In Thursday night’s finale, titled “Crabs in a Barrel,” Al reassures Earn of the gravity of the two men’s bond. Paper Boi does so as they settle into a flight kicking off the European tour on which the rapper will be opening for headliner Clark County. After several uncomfortable, charged interludes throughout the episode, Al chooses this quiet moment to remind his downtrodden cousin that their loyalty to one another—and the understanding they share as kin, both literal and fictive—matters far more than the industry connections that someone like Clark County’s manager might offer.
“I saw what you did. At TSA. You ain’t gotta say shit. Just know that’s exactly what I’m talking about,” Paper Boi says, referencing Earn’s quick decision to stash Al’s uncle’s gun in a different bag to protect the men. “Niggas do not care about us, man. Niggas gon’ do whatever they gotta do to survive, ‘cause they ain’t got no choice. We ain’t got no choice, either. You my family, Earn … You the only one that knows what I’m about. You give a fuck. I need that. Aight?”
The scene is particularly poignant following the multiple debacles that led to the flight. In one, Darius blithely announces that his passport has expired and he needs a same-day renewal. To obtain the new document, he and Earn head to a Jewish-owned passport service, where the teller processing Darius’s passport informs them that his cousin is a renowned entertainment lawyer. Prompted by Earn, who’d taken Al to meet with a black lawyer in the episode’s opening scene, the teller adds that “black people just don’t have the connections that my cousin has. For systemic reasons.” The answer colors the conversation Earn has with Darius as the two men wait for the passport. Anxious, Earn wonders if Al will fire him, and Darius insists that whatever awaits Earn won’t happen until the crew lands in Europe. “Everything’s moving, but he ain’t gon’ never forget to take care of the one’s supposed to provide for, including you,” Darius assures Earn. “But y’all both black, so I mean y’all both can’t afford to fail.”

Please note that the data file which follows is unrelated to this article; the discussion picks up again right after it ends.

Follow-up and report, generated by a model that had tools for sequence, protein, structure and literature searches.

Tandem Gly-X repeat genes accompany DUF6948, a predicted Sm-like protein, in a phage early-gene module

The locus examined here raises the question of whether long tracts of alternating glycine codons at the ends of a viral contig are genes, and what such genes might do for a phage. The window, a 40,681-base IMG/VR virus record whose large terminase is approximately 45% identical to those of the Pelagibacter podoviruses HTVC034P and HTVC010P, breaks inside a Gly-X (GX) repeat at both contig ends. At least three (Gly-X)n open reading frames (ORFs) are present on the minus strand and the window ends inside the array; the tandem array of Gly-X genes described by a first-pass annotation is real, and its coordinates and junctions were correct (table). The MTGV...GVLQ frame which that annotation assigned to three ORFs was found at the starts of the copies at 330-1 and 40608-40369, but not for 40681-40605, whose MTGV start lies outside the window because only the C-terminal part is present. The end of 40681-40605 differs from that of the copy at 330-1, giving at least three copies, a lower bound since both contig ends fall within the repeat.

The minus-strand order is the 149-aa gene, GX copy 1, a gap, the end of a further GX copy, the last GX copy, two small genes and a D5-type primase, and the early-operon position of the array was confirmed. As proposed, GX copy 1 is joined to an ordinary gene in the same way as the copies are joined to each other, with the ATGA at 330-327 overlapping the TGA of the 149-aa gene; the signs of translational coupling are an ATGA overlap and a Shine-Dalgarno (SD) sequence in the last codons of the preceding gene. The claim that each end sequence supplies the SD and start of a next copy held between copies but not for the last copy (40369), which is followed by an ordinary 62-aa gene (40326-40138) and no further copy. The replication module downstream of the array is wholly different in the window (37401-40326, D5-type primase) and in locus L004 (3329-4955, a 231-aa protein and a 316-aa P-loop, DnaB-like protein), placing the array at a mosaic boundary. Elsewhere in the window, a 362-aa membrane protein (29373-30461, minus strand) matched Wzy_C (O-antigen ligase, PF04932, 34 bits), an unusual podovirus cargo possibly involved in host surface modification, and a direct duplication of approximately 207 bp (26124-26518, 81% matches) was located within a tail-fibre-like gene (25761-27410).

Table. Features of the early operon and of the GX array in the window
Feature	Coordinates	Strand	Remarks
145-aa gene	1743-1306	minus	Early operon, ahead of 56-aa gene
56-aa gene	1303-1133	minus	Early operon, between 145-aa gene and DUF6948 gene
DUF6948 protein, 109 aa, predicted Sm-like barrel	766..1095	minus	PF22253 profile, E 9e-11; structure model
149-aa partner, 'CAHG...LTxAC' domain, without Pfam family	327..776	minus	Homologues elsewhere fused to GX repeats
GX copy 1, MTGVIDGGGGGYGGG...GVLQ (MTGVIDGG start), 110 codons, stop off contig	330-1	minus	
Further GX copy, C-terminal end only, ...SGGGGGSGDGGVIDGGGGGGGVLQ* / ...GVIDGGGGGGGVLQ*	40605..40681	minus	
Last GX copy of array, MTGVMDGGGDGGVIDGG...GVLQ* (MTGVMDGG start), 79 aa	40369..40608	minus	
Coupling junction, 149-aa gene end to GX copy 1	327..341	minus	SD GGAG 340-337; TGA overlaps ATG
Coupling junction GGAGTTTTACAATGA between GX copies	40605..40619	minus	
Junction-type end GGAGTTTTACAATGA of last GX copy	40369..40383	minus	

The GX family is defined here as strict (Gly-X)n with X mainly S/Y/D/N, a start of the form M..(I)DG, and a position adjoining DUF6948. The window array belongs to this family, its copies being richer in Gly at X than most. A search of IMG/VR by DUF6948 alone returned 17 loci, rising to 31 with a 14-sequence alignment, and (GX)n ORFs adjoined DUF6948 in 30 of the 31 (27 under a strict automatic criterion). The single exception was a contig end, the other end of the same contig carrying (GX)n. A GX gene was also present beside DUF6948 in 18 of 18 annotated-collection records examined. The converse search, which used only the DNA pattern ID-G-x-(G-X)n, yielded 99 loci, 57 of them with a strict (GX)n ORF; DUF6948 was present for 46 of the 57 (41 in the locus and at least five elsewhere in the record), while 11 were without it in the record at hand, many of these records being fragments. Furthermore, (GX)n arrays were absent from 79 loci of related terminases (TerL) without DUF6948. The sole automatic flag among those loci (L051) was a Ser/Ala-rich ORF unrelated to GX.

The juxtaposition of this statement with the teller’s matter-of-fact response—about systemic barriers keeping black lawyers and, by extension, black people, from realizing success—is somber, a hallmark of Glover’s meditative show. If it’s obvious that the system of white supremacy will restrict black people from succeeding within it, Glover implies, what responsibility do black people have to support one another in the hopes of advancing as individuals, as a community? At what point does the burden outweigh the blessing? What are the limits of any community’s ability to rely solely on itself when power continues to be concentrated elsewhere?
To his credit, Glover, who has had a sometimes fraught journey negotiating his own blackness (and gender) in public, doesn’t claim to have the answers. “Robbin’ Season”—and “Crabs in a Barrel,” specifically—wrestles with some of the same questions Glover provoked with the video for “This Is America,” a new song he first performed during his Saturday Night Live appearance last week. As his musical persona, Childish Gambino, Glover sings the stylistically dissonant track as children dance around him, employing moves from body rolls to the South African Gwara Gwara. The scene is jubilant, then haunting, as Glover suddenly shoots the man sitting in front of him. The video ricochets back and forth between these two modes, alternately jocular and macabre.